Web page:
Special Guest: Amir Yass - Just Be Kind
In this episode of the Tragedy Academy, we sit down with Amir Yass, digital creator, and LGBTQ activist. As a queer Muslim man, Amir has faced discrimination from all sides - even from other LGBTQ individuals. This discrimination inspired him to affect change and begin a series of panels that address biases within the queer community. As host of "The Take On" podcast, Amir continues his work tackling the big topics while interviewing some of Bravo TV's brightest stars. Today, Amir lives out his authentic, unapologetic self, bringing him closer to his faith and reaffirming his belief that orientation and religion are not mutually exclusive. Through candor and humor, Amir paints how standing up for equality of all facets is how we bring about change.
- 📲Living unapologetically on social media
- 🏳️🌈Queer resiliency
- 🤣The power of humor
- 🚫Ignoring the hate
- 🎙Marrying religion with sexual orientation
[1:45 ] - Amir describes his experience on the gay dating app, Grinder. Even within this supposedly open community, he was surprised to find he was on the receiving end of racist bullying. These events inspired him to begin a series of panels on various forms of discrimination within the LGBTQ community.
[5:36 ] - Amir discusses the unique position as gay and Muslim and how these communities interact. While many in the LGBTQ community have complicated relationships with religion, Amir believes that his relationship with God is very personal and doesn't need to involve his sexual orientation. The two are mutually exclusive to him.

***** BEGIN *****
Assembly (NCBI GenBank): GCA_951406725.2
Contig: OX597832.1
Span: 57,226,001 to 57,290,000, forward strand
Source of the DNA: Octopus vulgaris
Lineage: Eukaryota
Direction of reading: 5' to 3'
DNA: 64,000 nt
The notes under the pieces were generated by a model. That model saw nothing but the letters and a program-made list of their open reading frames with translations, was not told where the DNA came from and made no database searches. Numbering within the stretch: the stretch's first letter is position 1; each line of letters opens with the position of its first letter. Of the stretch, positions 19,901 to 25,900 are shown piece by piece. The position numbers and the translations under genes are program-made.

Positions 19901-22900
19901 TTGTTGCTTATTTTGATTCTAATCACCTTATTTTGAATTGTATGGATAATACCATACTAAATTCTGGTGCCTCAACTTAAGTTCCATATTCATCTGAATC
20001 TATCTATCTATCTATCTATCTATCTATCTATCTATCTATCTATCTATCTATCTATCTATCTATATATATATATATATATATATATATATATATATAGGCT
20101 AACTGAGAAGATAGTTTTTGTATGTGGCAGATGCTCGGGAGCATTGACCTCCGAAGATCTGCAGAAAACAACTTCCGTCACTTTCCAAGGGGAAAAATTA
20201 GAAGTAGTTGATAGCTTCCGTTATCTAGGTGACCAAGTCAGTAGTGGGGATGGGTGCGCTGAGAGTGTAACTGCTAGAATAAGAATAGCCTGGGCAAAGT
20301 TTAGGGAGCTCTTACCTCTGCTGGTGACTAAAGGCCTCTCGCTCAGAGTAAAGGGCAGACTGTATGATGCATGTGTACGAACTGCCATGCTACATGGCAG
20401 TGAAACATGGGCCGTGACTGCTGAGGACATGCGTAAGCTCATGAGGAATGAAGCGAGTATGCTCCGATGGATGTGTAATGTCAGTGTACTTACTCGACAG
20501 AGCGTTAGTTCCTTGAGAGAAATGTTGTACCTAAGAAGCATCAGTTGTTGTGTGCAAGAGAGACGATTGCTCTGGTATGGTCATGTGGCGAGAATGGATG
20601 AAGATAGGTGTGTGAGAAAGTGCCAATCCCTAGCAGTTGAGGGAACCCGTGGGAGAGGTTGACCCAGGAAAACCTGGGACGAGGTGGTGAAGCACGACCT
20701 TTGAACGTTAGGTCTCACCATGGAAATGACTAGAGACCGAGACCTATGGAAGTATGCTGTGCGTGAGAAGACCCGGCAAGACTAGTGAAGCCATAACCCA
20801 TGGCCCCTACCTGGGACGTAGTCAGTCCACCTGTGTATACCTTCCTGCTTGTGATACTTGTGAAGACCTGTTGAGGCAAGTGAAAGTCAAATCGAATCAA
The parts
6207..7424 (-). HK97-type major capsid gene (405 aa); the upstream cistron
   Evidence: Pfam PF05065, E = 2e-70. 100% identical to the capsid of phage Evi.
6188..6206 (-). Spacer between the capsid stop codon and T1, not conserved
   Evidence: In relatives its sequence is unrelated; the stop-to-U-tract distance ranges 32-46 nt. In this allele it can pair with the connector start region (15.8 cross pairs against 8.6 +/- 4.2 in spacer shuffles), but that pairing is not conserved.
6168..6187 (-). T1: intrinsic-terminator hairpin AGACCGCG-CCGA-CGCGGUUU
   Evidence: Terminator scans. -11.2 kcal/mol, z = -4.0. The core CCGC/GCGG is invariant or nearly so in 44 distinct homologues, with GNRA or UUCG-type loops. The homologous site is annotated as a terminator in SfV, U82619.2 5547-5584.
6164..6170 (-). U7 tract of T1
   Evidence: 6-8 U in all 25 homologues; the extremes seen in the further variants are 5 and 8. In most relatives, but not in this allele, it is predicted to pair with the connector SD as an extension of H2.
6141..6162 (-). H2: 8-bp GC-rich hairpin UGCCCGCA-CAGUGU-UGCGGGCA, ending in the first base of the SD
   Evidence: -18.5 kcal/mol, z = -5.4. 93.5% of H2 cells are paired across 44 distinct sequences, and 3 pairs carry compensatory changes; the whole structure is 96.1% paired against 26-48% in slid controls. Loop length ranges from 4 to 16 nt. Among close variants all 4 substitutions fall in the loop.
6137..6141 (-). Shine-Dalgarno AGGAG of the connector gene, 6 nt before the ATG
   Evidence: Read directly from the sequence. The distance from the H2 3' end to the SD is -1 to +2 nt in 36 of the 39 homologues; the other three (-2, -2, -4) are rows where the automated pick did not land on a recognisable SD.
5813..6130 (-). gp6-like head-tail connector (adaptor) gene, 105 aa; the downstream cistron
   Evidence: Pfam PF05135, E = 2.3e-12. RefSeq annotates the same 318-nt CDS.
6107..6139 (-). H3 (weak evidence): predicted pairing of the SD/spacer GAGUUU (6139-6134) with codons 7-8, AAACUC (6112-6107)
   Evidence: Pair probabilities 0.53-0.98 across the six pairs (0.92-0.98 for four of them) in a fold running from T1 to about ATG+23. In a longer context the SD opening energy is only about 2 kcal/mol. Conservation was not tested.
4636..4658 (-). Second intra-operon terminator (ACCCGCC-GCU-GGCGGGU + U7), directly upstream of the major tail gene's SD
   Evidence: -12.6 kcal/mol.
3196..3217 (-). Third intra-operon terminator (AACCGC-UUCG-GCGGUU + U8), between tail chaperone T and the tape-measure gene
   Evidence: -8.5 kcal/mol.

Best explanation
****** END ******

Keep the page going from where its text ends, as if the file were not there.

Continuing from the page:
[12:05 ] - As a stand-up comedian, Amir has witnessed how jokes made at the expense of the LGBTQ community are still very funny to most people. He believes that while queer people are still the butt of the joke, bullying and homophobia will continue. It also means there is still a lot of work to do in our own country to address these attitudes.
[18:47 ] - Jay points out that comedy can also be an excellent vehicle for change. While you have a captive audience, you can use humor to point out ignorance. Perhaps the ignorant minds in the audience will go home and begin to think differently without having been personally accosted.
[24:02 ] - Amir argues that coming out can almost be performative for straight people. Amir brings up the enormous pressure that is put on people within the LGBTQ community to come out as themselves for the benefit of their family and friends - something straight people will never experience. Amir believes this pressure can cause mental health issues that extend beyond coming out.
[30:45 ] - Toxic masculinity has recently been at the forefront of our social consciousness, but in Amir's experience, some of the most vitriolic comments surprisingly come from women. Amir suggests that these women feel threatened by effeminate men because they encroach on their territory of femininity.
[40:55 ] - To wrap up the episode, Amir tells us it isn't rocket science. While some may confuse the issue by saying there are too many pronouns or genders to keep up with, Amir explains that all you need to do is just be kind.
Connect with Amir
Instagram | https://bit.ly/3JR9Krm | @amiryassofficial
Cameo | https://bit.ly/3pZyUwi
The Take On Podcast | https://bit.ly/3JRaoVO
This podcast uses the following third-party services for analysis:
Podcorn - https://podcorn.com/privacy
Chartable - https://chartable.com/privacy